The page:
Blogs > In The Room with Anthony SanFilippo

Daily Times beat writer Anthony J. SanFilippo takes you inside the locker rooms of the Philadelphia Flyers and the rest of the NHL.

Thursday, September 25, 2008


The NHL just can't help itself....

In it's infinite wisdom, rule changes were needed this offseason - just for kicks - or kick saves as it were.

Always needing to tinker with its sport in an effort to create more offense, the NHL has decided to again shrink goalie equipment.

Now, there are rule changes in every sport every year, some more subtle than others, but nothing drastic - usually. However the NHL just can't help itself in it's effort to increase scoring.

Well, unless it bans coaches from teaching defense-first systems, it's not going to happen.

Still, the NHL's competition committee, which features representatives from both the league and the players' union, approved a modification of goalie equipment this summer.

But, if you listen to Flyers goalie Marty Biron, they rushed their new hockey gear legislation through to give the equipment manufacturers time to make the adjustments before the season started.

In other words, the changes were minor, won't affect scoring at all, and wil lead to more discussions on how to increase scoring next summer.


"There wasn't much change at all," said Biron. "They were talking about drastic changes but it got to be too late in the summer and they could only make little minor changes here and there."

Those minor changes are to the pad that protects a goalies calf, which is now more contoured to the leg and doesn't stick out to possibly close up a five-hole quicker; the curvature of the bottom of the pad where it rests on the skate boot has been arced in order to let the pads sit a little lower on the foot, an not higher on the thigh, and the knee stacks were reduced by about an inch.

Oh, boy.

"We made the biggest changes coming out of the lockout, trimming down the sizes of the pads, the pants, the waffle, the chest and arm gear..." said Biron. "There's always ways goalies find to adjust, so the league wants to take that away. They use (New Jersey goalie) Marty Brodeur as an example, but Marty is the only goalie in the league who plays that way."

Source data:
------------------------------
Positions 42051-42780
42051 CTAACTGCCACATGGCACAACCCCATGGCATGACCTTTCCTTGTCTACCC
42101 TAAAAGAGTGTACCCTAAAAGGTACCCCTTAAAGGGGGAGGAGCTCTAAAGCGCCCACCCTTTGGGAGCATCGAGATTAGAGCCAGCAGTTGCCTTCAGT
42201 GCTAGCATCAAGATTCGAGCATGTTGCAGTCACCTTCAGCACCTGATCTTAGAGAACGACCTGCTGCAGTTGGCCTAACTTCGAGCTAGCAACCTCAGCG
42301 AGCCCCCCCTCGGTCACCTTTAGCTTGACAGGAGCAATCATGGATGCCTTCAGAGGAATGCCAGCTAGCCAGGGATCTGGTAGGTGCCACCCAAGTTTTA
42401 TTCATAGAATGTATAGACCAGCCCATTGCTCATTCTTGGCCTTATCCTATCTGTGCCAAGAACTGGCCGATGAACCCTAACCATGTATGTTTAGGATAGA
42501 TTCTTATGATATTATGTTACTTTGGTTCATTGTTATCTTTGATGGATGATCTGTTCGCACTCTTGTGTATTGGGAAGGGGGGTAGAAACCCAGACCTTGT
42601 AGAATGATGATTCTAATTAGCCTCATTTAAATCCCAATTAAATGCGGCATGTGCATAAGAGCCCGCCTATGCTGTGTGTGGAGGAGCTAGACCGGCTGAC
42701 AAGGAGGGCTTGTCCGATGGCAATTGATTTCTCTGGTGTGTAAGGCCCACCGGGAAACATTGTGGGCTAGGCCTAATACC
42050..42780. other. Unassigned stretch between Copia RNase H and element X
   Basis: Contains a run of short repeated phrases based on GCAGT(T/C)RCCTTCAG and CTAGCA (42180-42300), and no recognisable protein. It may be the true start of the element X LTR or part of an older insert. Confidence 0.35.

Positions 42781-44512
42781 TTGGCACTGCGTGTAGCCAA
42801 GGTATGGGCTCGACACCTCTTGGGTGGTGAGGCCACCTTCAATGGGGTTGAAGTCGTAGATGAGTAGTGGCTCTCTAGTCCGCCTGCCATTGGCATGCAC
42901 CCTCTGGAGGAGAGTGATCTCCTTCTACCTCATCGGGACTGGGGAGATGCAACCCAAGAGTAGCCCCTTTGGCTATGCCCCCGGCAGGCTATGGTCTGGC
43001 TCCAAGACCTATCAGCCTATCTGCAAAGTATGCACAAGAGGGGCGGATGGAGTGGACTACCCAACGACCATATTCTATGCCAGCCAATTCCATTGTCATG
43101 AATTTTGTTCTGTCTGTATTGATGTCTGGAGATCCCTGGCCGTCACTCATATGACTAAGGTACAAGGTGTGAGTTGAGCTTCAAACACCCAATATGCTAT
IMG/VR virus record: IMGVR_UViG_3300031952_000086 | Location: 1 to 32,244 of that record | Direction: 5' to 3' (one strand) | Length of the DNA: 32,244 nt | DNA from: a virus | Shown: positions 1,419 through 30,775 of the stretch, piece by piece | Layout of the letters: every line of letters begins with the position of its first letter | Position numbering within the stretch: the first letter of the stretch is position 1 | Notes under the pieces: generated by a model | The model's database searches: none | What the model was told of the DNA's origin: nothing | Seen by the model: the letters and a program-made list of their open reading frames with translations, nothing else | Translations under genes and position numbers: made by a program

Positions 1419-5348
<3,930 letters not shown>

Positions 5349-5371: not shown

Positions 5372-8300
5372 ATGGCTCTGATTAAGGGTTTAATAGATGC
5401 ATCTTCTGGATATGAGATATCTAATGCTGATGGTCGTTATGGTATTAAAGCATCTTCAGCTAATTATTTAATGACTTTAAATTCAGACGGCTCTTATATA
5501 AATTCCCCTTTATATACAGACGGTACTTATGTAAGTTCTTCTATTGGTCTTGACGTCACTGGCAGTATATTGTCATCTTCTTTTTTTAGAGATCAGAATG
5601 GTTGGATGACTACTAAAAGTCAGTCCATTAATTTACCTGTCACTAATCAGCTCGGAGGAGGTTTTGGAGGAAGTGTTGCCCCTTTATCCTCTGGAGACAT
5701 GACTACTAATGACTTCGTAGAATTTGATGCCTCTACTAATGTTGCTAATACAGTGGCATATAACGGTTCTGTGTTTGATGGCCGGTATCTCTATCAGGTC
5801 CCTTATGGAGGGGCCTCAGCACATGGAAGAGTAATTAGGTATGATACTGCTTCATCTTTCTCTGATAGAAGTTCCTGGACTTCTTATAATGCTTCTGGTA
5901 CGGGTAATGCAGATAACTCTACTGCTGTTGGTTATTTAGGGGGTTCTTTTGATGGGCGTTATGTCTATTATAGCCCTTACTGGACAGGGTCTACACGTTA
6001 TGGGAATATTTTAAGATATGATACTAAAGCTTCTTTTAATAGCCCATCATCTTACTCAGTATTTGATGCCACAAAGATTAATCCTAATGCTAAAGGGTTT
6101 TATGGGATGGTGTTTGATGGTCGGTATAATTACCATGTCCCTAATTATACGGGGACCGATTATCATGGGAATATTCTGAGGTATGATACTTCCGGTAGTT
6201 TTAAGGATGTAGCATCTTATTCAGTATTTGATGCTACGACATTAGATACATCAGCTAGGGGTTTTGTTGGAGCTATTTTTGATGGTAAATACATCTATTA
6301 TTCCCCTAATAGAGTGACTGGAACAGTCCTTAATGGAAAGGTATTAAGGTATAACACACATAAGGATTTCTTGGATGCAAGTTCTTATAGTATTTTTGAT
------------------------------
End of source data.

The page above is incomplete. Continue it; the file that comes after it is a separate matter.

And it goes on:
Coming out of the lockout, goals per game increase by nine-tenths of a goal per game, but in each of the two seasons since that high water mark o 5.94 goals per game, scoring has gone back down, much to the chagrin of the NHL bosses who want to market their game as more offensive.

Some goalies might feel the affects of these changes, but Biron said it won't affect him at all.

"I don't wear big pads," he said. My chest and arms are only a large while a lot of guys wear a XXL. My pants are eight years old and they're all beaten up. Nobody would even want to put them on they're so... gross. It's what I'm used to, so when they make changes, I'm not usually invovled."

In other news, the Flyers returned three players to their junior teams Wednesday.

They returned forward Zac Rinaldo, defenseman Marc-Andre Bourdon and goaltender Jacob DeSerres to their respective Canadian Hockey League teams, according to club General Manager Paul Holmgren.

Rinaldo, the Flyers’ sixth round pick in the 2008 NHL Entry Draft, was returned to the Mississauga St. Michael’s Majors of the Ontario Hockey League. Bourdon, a Flyers’ third round pick in the 2008 NHL Entry Draft, was returned to the Rouyn-Noranda Huskies of the Quebec Major Junior Hockey League. DeSerres, a Flyers’ third round pick in the 2008 NHL Entry Draft, was returned to the Seattle Thunderbirds of the Western Hockey League.


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